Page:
and here we burst upon a glorious avenue. A wide gravel walk, We have been too long at home, and must once more don our in length the full third of a mile, flanked on each side by magpi. walking shoes, and, in the right pleasant company of our gentle ficent chesnuts, and then by treble ranks of fine wych elms. And reader, leave behind us the murky atmosphere of the great city, see, on the left hand beyond the elms, that long line of ancient and inhale vigour of body and freshness of soul from the balmy air hawthorns, glorifying the fern among which the deer are grazing. of a May morning. And whither shall we bend our steps ? Shall Let us sit down on this bench. We can go no further ; for our we seek the gipsies of Norwood, or go botanizing and butterfly souls are rapt in the melody that resounds from every tree; each is hunting on the breezy hills of Hampstead, and pursue our re- peopled with birds rejoicing in the beauty of spring : their voices searches, with the learned Pickwick, upon the nature of the tittle- awaken sweet respondent chords in the breast, and we feel the bats in the seven far-famed ponds ? No;-these we will visit harmony of nature. some other time; but let us devote this splendid day to the ancient But we must yield no longer to this enchantment : proceed we palace of kings at Hampton, where art and nature are combined up the avenue. Ha! what is this? We cannot call it a lake, yet to please, and where (thanks to the growing good sense of the can we offer so great an indignity to a circular piece of water, in times) the public are permitted to wander about at pleasure, free whose centre, perched on an antiquated (not an antique) pedestal, from the vexatious annoyance of a ciceronizing housekeeper, gaping a gilded goddess proudly lifts her head, the guardian of the-pond, for fees, and hurrying visitors through rooms, which require days we must term it, albeit it savours of the bathos. fully to examine, in the space of an hour.-Now comes the weighty But we have arrived at one of the gates of Hampton Court. question, how shall we go? Shall we walk the full distance of Grim lions grin upon the pillars, but we undauntedly pass on. thirteen miles, as the fittest preparation to a day of joyous fatigue, Yet hold. See where, all benignantly, the sign of the King's Head bodily and mental ? (for the contemplation of beauty, natural and invites us. Our walk has made us hungry; let us, unless you pictorial, becomes at length fatiguing ;)-shall we preface such a bave providently stored your pockets with “provant," prove the day by tiring ourselves with the weary traverse of a dusty road? good cheer of mine host, and, thus refreshed, pass onward reBy no means. Three ways to Hampton are open to us ; let us joicing. choose the best for the purpose we have in hand. Shall we take Bushy Park, in the full summer season, often presents a scene coach or omnibus the whole way? Shall we go to Richmond by of much pleasant merriment and enjoyment. It is lawful then to land or water, and thence proceed to Hampton Court, or shall we spread the sylvan feast, the laughter-inspiring pic-nic ; and here go by omnibus to Isleworth, and thence take our "departure," as resort the citizens of all degrees,—some in the dignified barouche, the seamen say, when they begin their reckoning on a voyage ? bearing with them cold chickens and champagne ; others, in more Let us not crowd too many pleasures into a brief space of time, or humble vans, contenting themselves with bread-and-cheese and we shall not enjoy any of them fully. Let us leave Richmond to a porter. But there they all take up their rest under the greenwood future day, and not sully its beauties by making them the stepping tree, and pleasantly disport themselves on the soft turf ; and when stone to our main object. But, remember, we are pedestrians, and the feast is done, as they repose in the cool shade, and watch the it would disgrace our pretensions to ride all the way. We will moving shadows as the gentle summer wind wafts to and fro the then go by way of Isleworth, and passing Kensington, Hammer- light boughs above their heads, while the full chorus of birds smith, Turnham Green, and Brentford, we at length panse at a makes glorious music, the kindly feelings of their hearts are stirred, turning a little beyond the turnpike, and tread the earth with a and we doubt not that many a man has forgiven an enemy, moved feeling of independence. It is well to put the thoughts of the by the sweet influences of the beauty of nature. If such be the country out of your head till now, when the city-like omnibus effect upon the cold and stern, what is it on the young and tender passes away, and with it fly all thoughts of smoky London ; but the heart? Soft whispers, “wood-notes wild," have often been mur. sweet scent of the wallflowers, so plentiful in the gardens for miles mured in those shades, and low sweet voices answered to the plea, on the road, bave well prepared us for the full enjoyment of the Many a marriage dates from Bushy Park. But all this while we perfumed breeze. Summon up your energies, my kind companion, are forgetting Hampton. and let us go joyously along the road; we meet with some dust, We enter the gardens of the palace by the iron gates, and but the hedges are green and greener as we advance. We feel a proceeding through the walks, pass by a door in the wall to a broad difference in the air. It is more balmy, and our spirits begin to gravel-walk, running immediately before the eastern front of the dance within us. See that country-house : its hospitable hall, palace, and extending from the Kingston road on the north to the with door wide open ; and see the vista through the glass door at banks of the Thames on the south. Before we go in, let us walk the end,—the true old-fashioned comfortable garden. We could down towards those gates which open on the road. They are well stop short here, and pass away the day on the smooth-sharen called the Flower-pot Gates, from those carved vases of fruit and lawn, listening to the hum of the bees, and breathing the fresh air flowers, supported by naked boys, surmounting the gate-posts. redolent of sweet odours. Alas ! we know not the owners, and The carving is light and elegant, and the figures well proportioned yet the door is so invitingly and unsuspiciously open! Are we and natural : we have no trace of the artist, but his name is surely only eight miles from London? I thought I was a hundred. On, worthy of remembrance. Turning up this soft turf-walk, let us on! We are at Twickenham. How far to Hampton Court? Four repose for a few moments in this alcove. It is of iron work, and miles, if you go through Bushy Park. Let us push on. Twick elegantly designed ; it looks out upon a beautiful avenue, leading enham has many claims on us, say you. Let us stop an bour, and down to the central approach to the palace. On one side is a view the villa of the poet. No, no, kind reader. Remember we narrow Dutch-like canal, which extends for a considerable distance, are on a voyage, and have no liberty to stop. We set sail from winding and turning among the walks and grounds ; on the other Isleworth, bound to Hampton, having been towed out so far by the is a sunken alley of smooth turf, evidently once a bowling-green ; Omnibus.. No stopping, or the captain is responsible ;—we are beyond, a straight line of flower-beds, bordering the grand terrace the captain, and you must obey orders. Here we arrive in front walk. The whole garden is planned by line and square, and those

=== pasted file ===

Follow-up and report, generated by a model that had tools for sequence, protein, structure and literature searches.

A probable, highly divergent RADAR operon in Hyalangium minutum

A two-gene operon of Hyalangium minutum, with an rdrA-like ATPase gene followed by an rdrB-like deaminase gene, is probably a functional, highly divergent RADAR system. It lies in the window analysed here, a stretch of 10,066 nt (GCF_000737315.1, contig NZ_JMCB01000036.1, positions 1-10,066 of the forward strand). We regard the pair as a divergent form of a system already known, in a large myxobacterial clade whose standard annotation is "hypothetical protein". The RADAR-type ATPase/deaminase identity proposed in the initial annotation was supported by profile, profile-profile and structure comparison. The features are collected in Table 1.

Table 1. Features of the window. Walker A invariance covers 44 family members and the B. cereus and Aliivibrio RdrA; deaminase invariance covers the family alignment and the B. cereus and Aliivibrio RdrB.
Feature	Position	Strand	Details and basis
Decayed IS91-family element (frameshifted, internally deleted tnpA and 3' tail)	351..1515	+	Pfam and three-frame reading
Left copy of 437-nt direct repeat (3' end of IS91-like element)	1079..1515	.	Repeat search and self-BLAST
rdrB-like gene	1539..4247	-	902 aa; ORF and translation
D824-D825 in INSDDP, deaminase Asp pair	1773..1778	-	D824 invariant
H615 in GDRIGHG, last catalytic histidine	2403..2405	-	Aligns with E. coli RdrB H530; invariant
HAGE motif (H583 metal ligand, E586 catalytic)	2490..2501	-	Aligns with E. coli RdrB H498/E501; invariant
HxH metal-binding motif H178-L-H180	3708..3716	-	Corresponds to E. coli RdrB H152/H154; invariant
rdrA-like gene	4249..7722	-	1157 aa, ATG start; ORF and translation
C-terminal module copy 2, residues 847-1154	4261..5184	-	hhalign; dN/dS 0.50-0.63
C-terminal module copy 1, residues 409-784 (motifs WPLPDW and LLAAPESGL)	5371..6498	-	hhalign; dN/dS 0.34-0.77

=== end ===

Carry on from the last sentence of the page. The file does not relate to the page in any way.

yew-trees we perceive in the distance were, in good Queen Mary's We enter the vestibule, a large square hall supported by disprodays, clipped by the shears into fantastic shapes, the pride of the portioned and mean-looking pillars, and separated from the open Dutch gardener's heart. But now the trees have escaped from air by gates of iron-work. The band which on summer evenings their unnatural education, “and shoot and flourish fair and free;" plays in front of the palace, here takes refuge when the heavens the alcove, where queens have reclined, is moss-covered and are unpropitious; and here the presence of a sentinel reminds us neglected, and the palace of the proud Cardinal is but as a show to that we are in a royal mansion. Passing straight through the the multitude. Let us sit down here, and recal for a moment the vestibule, we enter the Fountain Court, a quadrangle surrounded various scenes which have passed in Hampton Court, the creation by a cloistered walk, and in the centre a fountain which would be of the great “ King-cardinal” when in the plenitude of his power. an ornament were there the least attempt at improving its appearWolsey founded Hampton Court in 1515, (he himself, according to ance ; it is, however, no more than a round pool of water, with a tradition, furnishing the designs,) and here he resided several little impertinent jet dancing in the middle on an ugly iron pipe. years in that magnificent style and almost regal pomp, so well But turn round, before you go further, and look back through the described by his faithful chamberlain, Cavendish. His retinue vestibule. The sun is glancing on the smooth walks, and brightnumbered eight hundred persons; and the splendour of his house ening the dusky yew-trees; the fountain, at the bottom of the keeping here, and the magnificence of his entertainments, raised walk, is sparkling; and far beyond, stretching into the recesses of envy in the breast of his royal master, for whose gratification they the forest, is the grand avenue of the Home Park, its distance were displayed. Wolsey politicly quenched the rising feeling of softened by the warm mist rising from the heated earth. It is a dissatisfaction, by declaring that his only intention in erecting so beautiful sight. But we must now turn from the contemplation grand a palace was to provide a fitting present for a king, and that of nature to regard the works of art. Proceeding to the southit was his grace's property; a reply " which gained him much west corner of the quadrangle we find an opening, and an inscripfavour." This transfer was made in 1526, and in return the king tion on the wall informs us that this is the way to the royal presented the cardinal with the palace at Richmond. Menry took apartments ; proceeding a little further, we reach the foot of the much delight in Hampton, and frequently visited it, and here his grand staircase, where a policeman is in waiting to receive son Edward was born, on the 12th October, 1537. This palace umbrellas, sticks, &c. Umbrellas there are none to deliver, for was the scene of the last marriage of the royal Blue Beard. The there is not a cloud in the sky, and the vain support of a stick we nuptial ceremony between him and Catherine Parr was celebrated stout pedestrians despise. at Hampton Court, on the 12th July, 1543.